Arctic warming will lead to global warming accelerate climate change

There has been a tremendous rise in Arctic permafrost. Due to the melting of land snow and sea ice consistently, high solar absorptions are caused, and this process will soon lead to an acceleration in the process of climate change that we have been facing currently. This will also be severely impacting the world economy which could lead to multi-trillion losses.

Recently a team of researchers released a new paper in a popular journal named Nature Communications where they revealed how these factors, when combined, have the chance of impacting the Global Economy by approximately $70 trillion. Many nations have announced their decision to cut carbon emission that amounts to 5% of their total Gross Development Production or GDP.

According to the Intergovernmental Panel on Climate Change or IPCC Paris Agreement target, nations agreed to limit the rise in global temperature to 1.5 degree Celsius. If this comes into force, the other impact will drop to $25 trillion which is 4% of the likely scenario. Here, the primary driver is to emit permafrost carbon.

The interdisciplinary research team has stated that they are hoping that these estimates would result in providing a better understanding of several socio-economic risks that such climate changes are causing or would result in the future.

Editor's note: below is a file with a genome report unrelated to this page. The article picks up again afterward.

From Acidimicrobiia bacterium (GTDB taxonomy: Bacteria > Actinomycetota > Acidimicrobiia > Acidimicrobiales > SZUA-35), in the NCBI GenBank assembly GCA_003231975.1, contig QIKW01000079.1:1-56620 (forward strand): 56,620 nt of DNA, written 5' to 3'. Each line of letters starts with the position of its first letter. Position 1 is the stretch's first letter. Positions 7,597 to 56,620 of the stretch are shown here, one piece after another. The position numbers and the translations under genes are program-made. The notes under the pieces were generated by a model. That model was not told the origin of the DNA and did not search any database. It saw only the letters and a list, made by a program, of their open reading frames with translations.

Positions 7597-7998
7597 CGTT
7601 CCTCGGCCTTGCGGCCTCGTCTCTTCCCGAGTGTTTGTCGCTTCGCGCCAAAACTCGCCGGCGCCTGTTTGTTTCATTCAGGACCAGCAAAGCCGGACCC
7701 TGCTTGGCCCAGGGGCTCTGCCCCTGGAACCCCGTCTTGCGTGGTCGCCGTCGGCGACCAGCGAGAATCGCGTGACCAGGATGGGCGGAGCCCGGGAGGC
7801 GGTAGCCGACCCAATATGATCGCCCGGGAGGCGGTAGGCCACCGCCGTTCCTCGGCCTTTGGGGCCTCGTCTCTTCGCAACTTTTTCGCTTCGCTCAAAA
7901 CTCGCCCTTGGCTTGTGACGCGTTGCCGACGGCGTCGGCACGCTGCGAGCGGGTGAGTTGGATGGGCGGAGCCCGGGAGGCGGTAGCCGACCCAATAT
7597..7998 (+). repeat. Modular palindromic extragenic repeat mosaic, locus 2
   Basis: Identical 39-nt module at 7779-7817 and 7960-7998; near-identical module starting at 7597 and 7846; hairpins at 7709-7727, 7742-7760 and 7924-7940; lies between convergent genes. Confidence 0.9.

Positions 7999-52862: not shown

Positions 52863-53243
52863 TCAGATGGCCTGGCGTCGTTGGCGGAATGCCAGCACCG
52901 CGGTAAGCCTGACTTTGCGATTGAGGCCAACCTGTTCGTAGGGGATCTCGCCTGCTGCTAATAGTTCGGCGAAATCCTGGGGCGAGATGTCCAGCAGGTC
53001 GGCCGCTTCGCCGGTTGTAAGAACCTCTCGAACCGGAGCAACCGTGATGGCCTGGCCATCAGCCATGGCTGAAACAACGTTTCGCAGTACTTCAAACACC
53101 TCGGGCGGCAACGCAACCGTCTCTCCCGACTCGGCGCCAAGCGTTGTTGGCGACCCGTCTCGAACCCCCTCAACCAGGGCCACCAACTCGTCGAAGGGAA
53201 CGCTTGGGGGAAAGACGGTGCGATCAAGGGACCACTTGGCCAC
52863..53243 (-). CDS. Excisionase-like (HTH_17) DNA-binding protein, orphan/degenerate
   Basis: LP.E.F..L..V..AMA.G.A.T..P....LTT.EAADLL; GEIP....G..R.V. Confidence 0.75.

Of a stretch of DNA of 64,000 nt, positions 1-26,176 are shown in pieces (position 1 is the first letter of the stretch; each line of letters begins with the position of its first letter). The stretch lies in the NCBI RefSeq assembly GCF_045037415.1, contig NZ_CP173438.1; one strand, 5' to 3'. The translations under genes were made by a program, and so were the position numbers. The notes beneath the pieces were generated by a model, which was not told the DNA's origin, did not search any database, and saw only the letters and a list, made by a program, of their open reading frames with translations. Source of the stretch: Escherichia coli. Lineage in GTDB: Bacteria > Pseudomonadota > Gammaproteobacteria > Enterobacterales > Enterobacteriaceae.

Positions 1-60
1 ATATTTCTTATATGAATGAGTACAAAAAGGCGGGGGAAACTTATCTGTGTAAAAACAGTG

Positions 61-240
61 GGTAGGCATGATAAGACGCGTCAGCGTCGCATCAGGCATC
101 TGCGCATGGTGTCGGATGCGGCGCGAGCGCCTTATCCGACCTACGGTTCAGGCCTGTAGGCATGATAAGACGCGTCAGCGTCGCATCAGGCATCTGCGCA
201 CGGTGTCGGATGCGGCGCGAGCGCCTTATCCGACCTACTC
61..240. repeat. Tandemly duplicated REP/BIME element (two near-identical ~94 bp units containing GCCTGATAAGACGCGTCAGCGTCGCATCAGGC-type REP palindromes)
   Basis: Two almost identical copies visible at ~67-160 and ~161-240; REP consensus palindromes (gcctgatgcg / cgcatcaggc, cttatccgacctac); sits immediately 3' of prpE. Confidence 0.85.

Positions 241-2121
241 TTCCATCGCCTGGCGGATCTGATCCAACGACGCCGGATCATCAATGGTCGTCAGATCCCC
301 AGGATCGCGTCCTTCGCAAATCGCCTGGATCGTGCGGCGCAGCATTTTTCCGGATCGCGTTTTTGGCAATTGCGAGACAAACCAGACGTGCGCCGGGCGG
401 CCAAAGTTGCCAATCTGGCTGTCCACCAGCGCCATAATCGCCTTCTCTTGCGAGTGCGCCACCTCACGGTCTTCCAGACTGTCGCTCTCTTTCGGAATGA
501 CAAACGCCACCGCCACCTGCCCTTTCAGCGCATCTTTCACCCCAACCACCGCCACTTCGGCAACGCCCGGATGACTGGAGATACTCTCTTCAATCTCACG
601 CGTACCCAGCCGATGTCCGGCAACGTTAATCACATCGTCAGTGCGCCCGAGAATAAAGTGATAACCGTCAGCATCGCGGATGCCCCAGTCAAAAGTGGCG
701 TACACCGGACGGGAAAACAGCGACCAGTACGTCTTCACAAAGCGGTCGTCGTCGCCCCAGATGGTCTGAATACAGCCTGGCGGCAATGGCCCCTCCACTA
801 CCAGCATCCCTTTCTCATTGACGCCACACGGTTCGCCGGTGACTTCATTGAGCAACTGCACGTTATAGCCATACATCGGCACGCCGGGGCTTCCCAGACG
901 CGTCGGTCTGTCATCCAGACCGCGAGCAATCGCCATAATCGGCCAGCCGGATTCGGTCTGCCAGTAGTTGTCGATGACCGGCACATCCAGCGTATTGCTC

Until now several researchers have explored different simulations of several physical models where they tried to qualify Permafrost Carbon Feedback strength or PCF. It is a process which gets driven when carbon releases in an additional amount. Then there exists Surface Albedo Feedback of SAF which is operated when extra solar energy gets absorbed in earth’s surface since land snow and ice sea cover start declining. This, in turn, exposes darker ocean and land.

Several studies related to climate policy conducted in the past have implied on zero PSF and a constant SAF. However, several computer models and recent feedbacks have stated that permafrost process is stronger one of the two and a non-linear process.